“This degree of divergence suggests that productivity in the NHS in the rest of the UK has been consistently higher than in Scotland, although this is difficult to confirm. As a result, doubt remains over the relative consistency and robustness of the data for Public Services, both in absolute terms and relative to the UK”.

“And how do we best measure financial services output and “the value added by various obscure or complicated banking activities? There is also the further difficulty of allocating value added by, say, RBS across the constituent countries of the UK.”

As for the real estate sector, “while this sounds like it might apply to Estate Agents and the like, in fact it applies to every household.

National Accounts treats the housing sector as producing an output that is equivalent to what the rental value would be of every house, regardless of whether it is owned outright or rented. As a result, this sector accounts for around 10% of the economy, even though very little actual economic activity takes place”.

And then there are the problems in measuring the construction sector – “highly erratic in Scotland since 1998, which is as far back as published data goes. This is in part due to the fact that Construction relates not just to housing, which in itself can be highly cyclical, but also to very large infrastructure projects, like the Forth Replacement Bridge.

The recent slowdown in Scotland, says McLaren, “is not unprecedented. For example the ‘active economy’ fell by almost one per cent from 2011 Q4 to 2012 Q3, while the UK ‘active economy’ continued to grow.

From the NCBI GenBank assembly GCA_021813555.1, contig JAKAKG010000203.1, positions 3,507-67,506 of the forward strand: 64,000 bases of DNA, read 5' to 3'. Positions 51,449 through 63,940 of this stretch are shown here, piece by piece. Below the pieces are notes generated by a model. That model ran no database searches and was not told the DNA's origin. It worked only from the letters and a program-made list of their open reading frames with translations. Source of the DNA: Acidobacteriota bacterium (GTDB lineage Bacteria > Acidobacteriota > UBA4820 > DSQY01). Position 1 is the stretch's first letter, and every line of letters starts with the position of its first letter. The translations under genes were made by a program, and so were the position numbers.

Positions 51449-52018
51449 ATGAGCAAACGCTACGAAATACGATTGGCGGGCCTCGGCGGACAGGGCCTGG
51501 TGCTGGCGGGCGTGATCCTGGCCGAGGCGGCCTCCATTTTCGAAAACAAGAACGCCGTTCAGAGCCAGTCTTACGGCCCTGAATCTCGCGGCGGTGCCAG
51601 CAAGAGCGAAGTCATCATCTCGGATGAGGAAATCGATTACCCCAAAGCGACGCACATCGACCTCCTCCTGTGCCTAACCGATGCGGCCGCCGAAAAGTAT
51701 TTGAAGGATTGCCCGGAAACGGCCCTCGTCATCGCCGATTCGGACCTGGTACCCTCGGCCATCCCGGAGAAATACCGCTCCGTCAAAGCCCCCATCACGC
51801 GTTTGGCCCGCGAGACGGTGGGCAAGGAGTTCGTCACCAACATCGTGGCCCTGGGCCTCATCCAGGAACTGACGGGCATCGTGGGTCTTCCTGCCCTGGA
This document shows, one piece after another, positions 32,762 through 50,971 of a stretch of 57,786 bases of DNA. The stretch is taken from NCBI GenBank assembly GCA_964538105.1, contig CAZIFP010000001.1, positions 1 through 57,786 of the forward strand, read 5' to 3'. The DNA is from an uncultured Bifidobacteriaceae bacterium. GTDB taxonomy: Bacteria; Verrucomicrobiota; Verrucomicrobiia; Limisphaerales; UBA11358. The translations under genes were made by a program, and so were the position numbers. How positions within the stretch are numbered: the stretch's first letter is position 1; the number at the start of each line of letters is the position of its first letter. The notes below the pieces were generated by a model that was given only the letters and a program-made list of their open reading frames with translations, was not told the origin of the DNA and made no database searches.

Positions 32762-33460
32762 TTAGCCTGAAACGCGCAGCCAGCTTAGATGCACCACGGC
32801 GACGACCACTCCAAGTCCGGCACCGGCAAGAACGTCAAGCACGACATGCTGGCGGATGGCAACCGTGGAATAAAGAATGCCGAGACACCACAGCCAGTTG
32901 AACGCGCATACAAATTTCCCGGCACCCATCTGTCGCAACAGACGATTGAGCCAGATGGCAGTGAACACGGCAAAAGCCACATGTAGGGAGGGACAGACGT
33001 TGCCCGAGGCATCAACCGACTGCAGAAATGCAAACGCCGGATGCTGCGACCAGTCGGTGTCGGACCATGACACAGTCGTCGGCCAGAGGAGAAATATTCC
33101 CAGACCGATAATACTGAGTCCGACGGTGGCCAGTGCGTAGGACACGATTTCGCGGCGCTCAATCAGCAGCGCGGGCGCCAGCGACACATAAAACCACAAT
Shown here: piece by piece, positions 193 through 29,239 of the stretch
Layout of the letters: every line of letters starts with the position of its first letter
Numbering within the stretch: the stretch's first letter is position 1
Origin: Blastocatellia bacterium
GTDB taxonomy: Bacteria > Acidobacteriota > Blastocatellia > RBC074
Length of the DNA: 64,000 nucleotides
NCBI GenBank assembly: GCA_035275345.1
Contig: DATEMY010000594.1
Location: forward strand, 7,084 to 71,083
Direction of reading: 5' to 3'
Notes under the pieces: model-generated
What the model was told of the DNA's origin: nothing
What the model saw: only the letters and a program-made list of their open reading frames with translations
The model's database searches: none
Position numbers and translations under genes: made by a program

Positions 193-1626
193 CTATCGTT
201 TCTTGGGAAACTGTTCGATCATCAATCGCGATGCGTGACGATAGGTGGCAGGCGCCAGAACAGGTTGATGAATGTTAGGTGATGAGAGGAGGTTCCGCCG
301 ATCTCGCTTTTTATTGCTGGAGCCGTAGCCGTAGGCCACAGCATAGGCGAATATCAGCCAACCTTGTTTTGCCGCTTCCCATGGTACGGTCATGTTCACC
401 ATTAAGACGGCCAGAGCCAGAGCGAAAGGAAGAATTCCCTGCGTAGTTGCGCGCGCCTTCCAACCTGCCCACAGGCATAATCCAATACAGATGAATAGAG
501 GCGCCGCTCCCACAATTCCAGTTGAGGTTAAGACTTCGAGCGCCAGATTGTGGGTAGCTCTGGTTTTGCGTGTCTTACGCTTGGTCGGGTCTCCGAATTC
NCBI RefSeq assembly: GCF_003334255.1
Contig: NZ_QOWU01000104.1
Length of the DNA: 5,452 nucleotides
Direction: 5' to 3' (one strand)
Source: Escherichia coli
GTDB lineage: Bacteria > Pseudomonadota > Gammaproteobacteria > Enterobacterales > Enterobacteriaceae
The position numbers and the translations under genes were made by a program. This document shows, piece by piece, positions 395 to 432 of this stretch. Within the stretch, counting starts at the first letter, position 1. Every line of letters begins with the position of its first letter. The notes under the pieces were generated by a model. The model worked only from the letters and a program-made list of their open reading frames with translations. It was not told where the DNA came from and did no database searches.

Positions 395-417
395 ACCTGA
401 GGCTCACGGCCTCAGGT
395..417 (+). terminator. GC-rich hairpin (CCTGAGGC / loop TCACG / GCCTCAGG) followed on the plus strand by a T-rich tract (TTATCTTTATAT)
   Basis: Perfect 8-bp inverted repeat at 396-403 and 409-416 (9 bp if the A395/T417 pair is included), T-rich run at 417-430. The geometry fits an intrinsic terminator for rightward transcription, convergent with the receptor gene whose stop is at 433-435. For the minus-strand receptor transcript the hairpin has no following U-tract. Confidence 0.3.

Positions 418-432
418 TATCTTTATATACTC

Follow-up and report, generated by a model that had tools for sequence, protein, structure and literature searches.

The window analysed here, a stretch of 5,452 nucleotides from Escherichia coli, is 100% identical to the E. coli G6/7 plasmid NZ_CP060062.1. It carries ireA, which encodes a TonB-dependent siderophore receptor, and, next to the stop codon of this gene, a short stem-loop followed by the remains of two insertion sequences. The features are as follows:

“Nevertheless, for Scotland, the current, essentially flat-lining, performance remains a worrying development that has lasted for six quarters.

“With negative influences from falling Construction, the North Sea slowdown and Brexit worries likely to affect Scottish output in the short to medium term, the prospect of continuing slow-to-no growth in the economy remain high.”

McLaren’s work is thoroughly deserving of further study and research to help improve our understanding of Scotland’s dynamics. Perhaps a private sector organisation or business could sponsor a quarterly “active economy” index with commentary on its direction and pace of change.

And analysis of those GDP numbers might usefully be extended in due course to cover questions on how to measure the rapid expansion of the digital economy, and the extent to which IT – often regarded as a job destroyer – may have acted as a creator or employment.

Moreover, problems have arisen over the blurring of boundaries between what is a “manufacturing” business and “miscellaneous services” – for example, is a company making metal-based cranial implants for the health sector counted as a ‘manufacturing’ business (‘metal basher’) or a health service activity?. We need sharper pointers – and commentary – to keep pace with rapid change in our economy.